People with type 2 diabetes are often encouraged to engage in regular exercise. But it turns out some of them may be resistant to the benefits of physical activity.

Researchers from Florida Hospital and the Sanford-Burnham Medical Research Institute in Orlando, Florida, reviewed reports on human and animal exercise studies. The evidence showed that a significant majority of individuals with type 2 diabetes experienced improvements in glucose homeostasis, insulin sensitivity and mitochondrial muscle density through regular exercise. However, these benefits evaded 15%–20% of subjects. The researchers theorized that the cause could be genetic.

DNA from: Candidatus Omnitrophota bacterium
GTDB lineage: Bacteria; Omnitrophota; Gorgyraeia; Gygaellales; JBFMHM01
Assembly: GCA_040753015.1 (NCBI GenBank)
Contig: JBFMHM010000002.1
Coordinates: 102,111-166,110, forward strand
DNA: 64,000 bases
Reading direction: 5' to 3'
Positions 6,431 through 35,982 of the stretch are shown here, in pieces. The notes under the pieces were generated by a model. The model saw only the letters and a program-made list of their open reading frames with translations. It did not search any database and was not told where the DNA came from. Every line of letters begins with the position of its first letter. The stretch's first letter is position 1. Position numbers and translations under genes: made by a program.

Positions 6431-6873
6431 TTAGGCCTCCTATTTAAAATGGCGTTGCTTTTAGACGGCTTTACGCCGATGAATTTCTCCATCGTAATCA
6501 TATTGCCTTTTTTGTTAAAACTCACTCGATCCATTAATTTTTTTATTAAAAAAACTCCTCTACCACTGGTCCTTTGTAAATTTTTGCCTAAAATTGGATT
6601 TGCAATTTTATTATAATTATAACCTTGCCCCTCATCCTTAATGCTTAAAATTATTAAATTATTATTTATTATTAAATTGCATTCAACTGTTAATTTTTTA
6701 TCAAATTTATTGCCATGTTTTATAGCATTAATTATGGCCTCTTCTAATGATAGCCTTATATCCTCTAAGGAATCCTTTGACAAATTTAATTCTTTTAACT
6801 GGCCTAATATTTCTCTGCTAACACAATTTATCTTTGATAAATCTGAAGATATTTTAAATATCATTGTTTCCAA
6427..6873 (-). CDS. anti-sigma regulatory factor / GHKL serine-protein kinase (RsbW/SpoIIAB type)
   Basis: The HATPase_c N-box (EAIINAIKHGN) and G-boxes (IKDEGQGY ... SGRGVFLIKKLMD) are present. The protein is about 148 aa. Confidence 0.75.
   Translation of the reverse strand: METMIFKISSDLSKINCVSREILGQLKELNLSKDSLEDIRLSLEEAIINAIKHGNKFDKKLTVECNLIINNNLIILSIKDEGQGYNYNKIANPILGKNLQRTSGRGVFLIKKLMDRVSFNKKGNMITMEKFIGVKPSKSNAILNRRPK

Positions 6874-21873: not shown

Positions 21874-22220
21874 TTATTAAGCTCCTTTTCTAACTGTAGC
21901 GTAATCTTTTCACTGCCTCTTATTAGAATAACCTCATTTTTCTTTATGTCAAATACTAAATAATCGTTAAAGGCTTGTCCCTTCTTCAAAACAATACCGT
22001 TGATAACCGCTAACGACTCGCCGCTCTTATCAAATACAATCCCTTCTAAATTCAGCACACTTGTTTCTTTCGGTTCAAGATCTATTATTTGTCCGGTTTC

“Studies dedicated to uncovering the mechanisms of exercise resistance will advance the field of exercise and type 2 diabetes, allowing interventions to be targeted to those most likely to benefit and identify novel approaches to treat those who do not experience metabolic improvements after exercise training,” the authors concluded.

The study was published in The Journal of Clinical Endocrinology & Metabolism (doi: http://dx

Ryan Halvorson

Ryan Halvorson is an award-winning writer and editor. He is a long-time author and presenter for IDEA Health & Fitness Association, fitness industry consultant and former director of group training for Bird Rock Fit. He is also a Master Trainer for TriggerPoint.

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